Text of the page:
Shane Ross faces fresh ‘stroke’ claim over Stepaside

Transport Minister Shane Ross is facing fresh claims that he pulled a “political stroke” by ensuring Stepaside Garda Station was re-opened after a senior garda officer said the facility “would not have been my number one priority”.

Assistant Garda Commissioner for Dublin Pat Leahy admitted the situation at least six times during a meeting with TDs yesterday, pointedly saying he has “more pressing needs” and would have opened other stations if he had the choice.

Speaking during the Dáil Public Accounts Committee, Acting Garda Commissioner Donall Ó Cualáin said Stepaside and five other stations closed during the economic crash would be re-opened.

As revealed in yesterday’s Irish Examiner, Mr Ó Cualáin said that after an initial decision over summer to recommend the re-opening of the facilities, a final Garda report rubber-stamping the move was sent to the Department of Justice on Monday.

Despite repeated claims of political interference in the process due to the fact the prioritisation of Stepaside was a part of Mr Ross’s re-election campaign, the Government has repeatedly said nothing untoward took place.

However, asked about the decision yesterday,Mr Leahy said if he had his way Stepaside would not have been his priority.

“Stepaside is the only one in Dublin that met the criteria set out by Government. It wouldn’t have been my number one priority, I’’d have other priorities.

“From a personal perspective it wouldn’t have been my priority,” he said, repeating the comment a number of times and pointing to areas such as Ballyfermot as being in greater need of help.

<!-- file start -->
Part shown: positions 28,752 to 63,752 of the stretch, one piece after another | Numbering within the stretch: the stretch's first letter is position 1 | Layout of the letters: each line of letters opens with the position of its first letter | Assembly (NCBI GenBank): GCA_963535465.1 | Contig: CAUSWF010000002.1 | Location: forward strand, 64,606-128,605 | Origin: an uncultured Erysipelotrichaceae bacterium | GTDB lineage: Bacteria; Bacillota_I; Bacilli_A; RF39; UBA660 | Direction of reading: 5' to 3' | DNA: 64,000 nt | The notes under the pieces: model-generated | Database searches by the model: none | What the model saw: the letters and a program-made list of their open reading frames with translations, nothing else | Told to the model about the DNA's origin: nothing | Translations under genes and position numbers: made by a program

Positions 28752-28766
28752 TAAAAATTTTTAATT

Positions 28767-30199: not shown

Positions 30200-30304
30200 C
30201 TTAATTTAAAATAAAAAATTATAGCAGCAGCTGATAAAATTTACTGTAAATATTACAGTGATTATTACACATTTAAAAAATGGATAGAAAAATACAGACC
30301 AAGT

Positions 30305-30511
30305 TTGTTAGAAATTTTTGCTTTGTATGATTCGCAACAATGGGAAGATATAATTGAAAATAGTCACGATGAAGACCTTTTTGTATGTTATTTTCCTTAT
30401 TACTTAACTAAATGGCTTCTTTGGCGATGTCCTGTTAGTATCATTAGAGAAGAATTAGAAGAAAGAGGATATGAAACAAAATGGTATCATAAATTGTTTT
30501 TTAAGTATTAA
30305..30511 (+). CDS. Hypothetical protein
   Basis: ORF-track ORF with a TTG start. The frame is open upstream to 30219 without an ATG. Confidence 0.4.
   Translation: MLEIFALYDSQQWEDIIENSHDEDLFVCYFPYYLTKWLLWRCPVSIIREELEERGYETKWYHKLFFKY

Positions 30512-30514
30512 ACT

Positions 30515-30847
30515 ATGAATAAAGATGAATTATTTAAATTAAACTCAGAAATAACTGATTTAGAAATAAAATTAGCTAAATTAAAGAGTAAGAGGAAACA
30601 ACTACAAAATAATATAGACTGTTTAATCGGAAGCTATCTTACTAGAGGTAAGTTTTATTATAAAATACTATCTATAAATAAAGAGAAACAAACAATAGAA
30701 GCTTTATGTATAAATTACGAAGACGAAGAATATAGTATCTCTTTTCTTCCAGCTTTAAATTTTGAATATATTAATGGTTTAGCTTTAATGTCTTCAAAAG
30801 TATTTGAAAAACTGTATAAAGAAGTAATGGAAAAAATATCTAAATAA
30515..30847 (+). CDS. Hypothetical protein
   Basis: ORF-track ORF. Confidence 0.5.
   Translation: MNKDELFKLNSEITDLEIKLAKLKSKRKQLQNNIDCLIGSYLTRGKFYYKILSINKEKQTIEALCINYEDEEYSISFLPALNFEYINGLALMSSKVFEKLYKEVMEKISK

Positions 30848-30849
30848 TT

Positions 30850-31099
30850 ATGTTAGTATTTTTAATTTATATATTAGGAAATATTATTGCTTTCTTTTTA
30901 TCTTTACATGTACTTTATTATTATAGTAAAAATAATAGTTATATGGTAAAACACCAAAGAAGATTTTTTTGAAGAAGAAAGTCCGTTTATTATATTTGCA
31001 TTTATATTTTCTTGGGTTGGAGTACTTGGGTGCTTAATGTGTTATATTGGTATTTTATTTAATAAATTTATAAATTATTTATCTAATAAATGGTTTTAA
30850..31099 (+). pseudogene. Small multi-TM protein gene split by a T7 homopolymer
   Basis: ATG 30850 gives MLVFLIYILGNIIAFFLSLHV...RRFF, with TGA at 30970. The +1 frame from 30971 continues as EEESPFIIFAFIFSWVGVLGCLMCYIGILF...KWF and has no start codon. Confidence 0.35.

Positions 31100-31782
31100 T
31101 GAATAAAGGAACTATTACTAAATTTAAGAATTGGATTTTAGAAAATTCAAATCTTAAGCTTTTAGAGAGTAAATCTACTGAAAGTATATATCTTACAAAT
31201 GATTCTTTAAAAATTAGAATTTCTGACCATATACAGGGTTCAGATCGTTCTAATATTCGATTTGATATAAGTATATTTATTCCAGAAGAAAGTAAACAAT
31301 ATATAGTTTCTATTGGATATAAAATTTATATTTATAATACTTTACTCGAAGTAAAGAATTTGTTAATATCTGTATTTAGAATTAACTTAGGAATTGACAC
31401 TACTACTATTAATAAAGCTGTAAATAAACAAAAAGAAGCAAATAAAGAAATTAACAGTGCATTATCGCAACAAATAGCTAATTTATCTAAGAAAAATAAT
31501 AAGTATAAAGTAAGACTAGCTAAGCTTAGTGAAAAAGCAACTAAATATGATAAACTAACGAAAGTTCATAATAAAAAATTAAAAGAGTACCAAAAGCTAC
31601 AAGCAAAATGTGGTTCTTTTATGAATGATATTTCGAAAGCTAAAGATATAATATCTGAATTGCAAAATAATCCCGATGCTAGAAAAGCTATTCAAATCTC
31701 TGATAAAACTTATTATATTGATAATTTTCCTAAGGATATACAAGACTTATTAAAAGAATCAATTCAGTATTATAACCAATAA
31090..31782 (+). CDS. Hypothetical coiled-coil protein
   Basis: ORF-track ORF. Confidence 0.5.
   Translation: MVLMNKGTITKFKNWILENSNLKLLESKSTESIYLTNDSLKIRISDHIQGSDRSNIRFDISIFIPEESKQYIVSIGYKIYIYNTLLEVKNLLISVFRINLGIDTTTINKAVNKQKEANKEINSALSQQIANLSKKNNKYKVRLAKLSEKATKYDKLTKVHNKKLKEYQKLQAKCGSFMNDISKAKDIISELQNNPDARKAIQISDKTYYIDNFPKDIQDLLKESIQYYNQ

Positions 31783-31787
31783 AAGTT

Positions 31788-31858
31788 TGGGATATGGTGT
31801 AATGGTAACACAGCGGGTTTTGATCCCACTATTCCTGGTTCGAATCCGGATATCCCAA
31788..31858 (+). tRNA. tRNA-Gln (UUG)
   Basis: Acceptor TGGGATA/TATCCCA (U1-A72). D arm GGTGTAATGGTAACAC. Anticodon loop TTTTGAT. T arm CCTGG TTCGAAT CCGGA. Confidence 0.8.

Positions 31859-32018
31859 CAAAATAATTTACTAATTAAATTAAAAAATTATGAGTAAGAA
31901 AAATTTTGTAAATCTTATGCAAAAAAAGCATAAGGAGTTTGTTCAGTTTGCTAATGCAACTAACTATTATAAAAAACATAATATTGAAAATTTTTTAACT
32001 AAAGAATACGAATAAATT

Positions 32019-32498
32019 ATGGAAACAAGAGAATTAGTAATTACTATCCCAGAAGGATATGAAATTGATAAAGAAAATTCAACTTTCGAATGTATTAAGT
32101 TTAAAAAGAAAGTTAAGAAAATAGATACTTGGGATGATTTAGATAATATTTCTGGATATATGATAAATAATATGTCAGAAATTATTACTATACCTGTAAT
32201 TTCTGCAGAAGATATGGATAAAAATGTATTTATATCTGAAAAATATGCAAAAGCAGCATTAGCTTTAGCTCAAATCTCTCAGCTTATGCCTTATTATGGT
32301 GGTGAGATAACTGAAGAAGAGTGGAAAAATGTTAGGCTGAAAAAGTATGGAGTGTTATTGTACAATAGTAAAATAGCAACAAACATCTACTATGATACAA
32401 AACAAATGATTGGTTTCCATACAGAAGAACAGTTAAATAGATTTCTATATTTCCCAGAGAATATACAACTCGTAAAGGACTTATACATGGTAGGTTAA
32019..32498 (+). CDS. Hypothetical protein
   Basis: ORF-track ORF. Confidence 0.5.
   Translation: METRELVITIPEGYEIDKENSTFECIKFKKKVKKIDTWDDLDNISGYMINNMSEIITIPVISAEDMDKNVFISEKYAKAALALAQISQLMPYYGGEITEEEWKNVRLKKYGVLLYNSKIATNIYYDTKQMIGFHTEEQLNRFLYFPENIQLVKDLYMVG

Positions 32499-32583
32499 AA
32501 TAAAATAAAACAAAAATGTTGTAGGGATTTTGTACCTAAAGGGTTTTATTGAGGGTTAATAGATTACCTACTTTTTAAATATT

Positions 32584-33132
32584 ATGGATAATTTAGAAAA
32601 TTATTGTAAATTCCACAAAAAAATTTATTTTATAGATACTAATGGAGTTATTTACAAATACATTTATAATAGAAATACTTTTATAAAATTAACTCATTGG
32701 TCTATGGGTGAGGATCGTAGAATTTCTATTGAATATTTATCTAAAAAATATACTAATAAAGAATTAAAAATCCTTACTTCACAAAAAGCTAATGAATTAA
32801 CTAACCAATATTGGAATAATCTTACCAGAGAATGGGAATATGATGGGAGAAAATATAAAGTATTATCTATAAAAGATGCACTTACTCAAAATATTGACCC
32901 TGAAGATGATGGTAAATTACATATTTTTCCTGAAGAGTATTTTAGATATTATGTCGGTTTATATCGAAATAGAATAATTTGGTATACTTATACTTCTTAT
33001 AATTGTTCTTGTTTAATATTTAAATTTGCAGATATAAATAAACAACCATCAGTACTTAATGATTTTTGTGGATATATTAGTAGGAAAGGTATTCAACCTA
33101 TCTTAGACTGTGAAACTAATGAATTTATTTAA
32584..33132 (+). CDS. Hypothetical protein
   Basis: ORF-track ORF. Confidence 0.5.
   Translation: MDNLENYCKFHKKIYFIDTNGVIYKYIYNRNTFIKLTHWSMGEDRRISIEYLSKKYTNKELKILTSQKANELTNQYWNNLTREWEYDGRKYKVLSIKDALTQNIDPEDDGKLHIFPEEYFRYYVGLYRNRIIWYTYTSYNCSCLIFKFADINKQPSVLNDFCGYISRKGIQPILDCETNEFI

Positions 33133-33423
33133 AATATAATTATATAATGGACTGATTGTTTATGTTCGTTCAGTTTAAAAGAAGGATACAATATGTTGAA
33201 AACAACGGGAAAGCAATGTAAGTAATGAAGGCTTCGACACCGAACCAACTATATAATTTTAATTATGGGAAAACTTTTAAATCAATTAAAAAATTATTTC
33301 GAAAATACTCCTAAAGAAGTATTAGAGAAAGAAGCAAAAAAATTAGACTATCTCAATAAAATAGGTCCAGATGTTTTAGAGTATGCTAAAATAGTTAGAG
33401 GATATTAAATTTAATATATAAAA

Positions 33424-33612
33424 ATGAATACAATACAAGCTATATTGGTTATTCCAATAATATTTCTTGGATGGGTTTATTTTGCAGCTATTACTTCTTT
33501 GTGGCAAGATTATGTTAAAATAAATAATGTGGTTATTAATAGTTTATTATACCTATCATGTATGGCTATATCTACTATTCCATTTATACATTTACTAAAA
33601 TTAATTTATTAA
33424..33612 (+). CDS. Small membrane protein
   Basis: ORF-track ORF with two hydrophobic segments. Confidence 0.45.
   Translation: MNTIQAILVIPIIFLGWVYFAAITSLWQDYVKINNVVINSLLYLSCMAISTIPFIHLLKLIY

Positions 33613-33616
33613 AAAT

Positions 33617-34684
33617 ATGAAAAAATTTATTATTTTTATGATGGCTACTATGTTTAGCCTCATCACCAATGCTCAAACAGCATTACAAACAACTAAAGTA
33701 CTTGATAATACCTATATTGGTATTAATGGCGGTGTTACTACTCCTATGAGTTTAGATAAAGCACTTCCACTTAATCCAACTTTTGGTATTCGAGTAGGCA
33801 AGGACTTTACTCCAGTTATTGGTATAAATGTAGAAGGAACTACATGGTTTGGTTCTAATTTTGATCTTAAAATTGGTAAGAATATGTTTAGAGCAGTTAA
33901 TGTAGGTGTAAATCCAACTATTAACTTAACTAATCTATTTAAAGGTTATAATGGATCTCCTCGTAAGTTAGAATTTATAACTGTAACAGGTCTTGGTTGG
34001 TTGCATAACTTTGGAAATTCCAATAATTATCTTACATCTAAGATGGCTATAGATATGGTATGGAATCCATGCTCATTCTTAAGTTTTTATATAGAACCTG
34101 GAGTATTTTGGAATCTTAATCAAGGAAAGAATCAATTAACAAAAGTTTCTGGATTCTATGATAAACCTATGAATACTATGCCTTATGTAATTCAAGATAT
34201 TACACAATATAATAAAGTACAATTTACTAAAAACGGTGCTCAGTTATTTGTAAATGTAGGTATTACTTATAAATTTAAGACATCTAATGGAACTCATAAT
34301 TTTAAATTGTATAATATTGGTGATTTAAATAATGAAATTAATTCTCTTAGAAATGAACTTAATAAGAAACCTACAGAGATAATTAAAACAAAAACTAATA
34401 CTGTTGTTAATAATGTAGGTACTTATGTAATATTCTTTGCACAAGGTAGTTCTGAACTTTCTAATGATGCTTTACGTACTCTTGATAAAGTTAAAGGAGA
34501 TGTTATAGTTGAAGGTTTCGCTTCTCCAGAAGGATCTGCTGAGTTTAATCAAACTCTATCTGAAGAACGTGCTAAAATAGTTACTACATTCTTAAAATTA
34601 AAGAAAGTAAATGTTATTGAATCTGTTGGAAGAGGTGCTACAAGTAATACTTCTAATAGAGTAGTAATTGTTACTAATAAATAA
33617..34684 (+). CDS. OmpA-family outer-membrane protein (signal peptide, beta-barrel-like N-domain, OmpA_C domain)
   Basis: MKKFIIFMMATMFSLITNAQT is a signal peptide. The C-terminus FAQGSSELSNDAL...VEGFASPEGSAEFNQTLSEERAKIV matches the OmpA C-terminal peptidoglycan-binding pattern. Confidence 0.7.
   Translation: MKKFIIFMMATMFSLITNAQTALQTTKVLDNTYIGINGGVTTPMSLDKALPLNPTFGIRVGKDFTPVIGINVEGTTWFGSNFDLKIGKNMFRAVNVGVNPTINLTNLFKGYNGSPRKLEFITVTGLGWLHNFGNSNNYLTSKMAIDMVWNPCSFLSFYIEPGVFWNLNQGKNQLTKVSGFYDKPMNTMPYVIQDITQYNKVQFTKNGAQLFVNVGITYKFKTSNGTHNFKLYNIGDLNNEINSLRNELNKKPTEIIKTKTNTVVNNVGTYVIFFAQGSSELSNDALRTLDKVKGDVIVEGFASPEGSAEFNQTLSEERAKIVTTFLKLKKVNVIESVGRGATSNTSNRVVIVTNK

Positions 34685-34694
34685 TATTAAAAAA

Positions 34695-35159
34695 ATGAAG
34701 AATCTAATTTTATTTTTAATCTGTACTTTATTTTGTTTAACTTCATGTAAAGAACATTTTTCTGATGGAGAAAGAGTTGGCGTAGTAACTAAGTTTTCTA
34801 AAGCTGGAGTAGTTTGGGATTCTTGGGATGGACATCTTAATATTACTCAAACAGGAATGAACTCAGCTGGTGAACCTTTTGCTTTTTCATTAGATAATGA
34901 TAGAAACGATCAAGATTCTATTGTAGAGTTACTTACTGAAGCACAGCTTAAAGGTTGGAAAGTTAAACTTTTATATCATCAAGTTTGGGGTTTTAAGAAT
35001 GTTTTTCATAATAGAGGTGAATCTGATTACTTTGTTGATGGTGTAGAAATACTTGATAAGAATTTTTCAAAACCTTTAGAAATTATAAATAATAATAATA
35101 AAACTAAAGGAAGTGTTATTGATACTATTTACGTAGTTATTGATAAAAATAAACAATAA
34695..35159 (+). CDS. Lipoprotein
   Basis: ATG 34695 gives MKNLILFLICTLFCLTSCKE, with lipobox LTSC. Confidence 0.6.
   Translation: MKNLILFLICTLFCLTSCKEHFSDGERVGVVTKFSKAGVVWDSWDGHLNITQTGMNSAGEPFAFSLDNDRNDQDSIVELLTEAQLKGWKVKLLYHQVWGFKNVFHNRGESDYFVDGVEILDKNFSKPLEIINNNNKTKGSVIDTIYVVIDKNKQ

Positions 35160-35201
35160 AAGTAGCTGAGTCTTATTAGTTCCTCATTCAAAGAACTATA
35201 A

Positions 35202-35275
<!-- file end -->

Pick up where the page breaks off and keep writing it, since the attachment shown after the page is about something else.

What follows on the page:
During the same meeting, the Department of Justice’s outgoing secretary general Noel Waters said that while the Government provided the gardaí with the criteria for the re-opening selection process, the force was entitled to change the criteria if it wished.

However, despite the remark and Mr Ó Cualáin claiming Mr Leahy only meant Stepaside is not a priority as it is not yet open, Mr Leahy repeated that he wanted to make it clear that Stepaside would not be among his priorities, before adding: “I cannot say it [the criteria] was flawed.”

The revelation — and the fact Garda head of HR John Barrett said he “was not” informed of the re-opening decision despite the fact his view should be crucial to any re-opening move — led to opposition parties yesterday saying there is now proof Mr Ross was involved in a political stroke to ensure Stepaside was re-opened in return for supporting Fine Gael in Government.

Speaking during the PAC meeting, Social Democrats TD Catherine Murphy said while the re-opening of the six stations is “only a pilot”, it is “a pilot that very nicely dovetails with what was wanted by a particular deputy in Government”.

“A lot of us will conclude this is a political decision,” she said.

Sinn Féin TD David Cullinane repeated the view, asking the Garda representatives “was it a political decision”, before adding in a statement after yesterday’s meeting: “In my view, this is stroke politics at its worst and the evidence today simply confirms that this was a political decision, not a garda one.

“The Government and Shane Ross need to explain the process to the public, and why Stepaside was prioritised over the needs of Dublin garda operations.”

Mr Ross did not respond to a direct request for comment.

Editorial: 12



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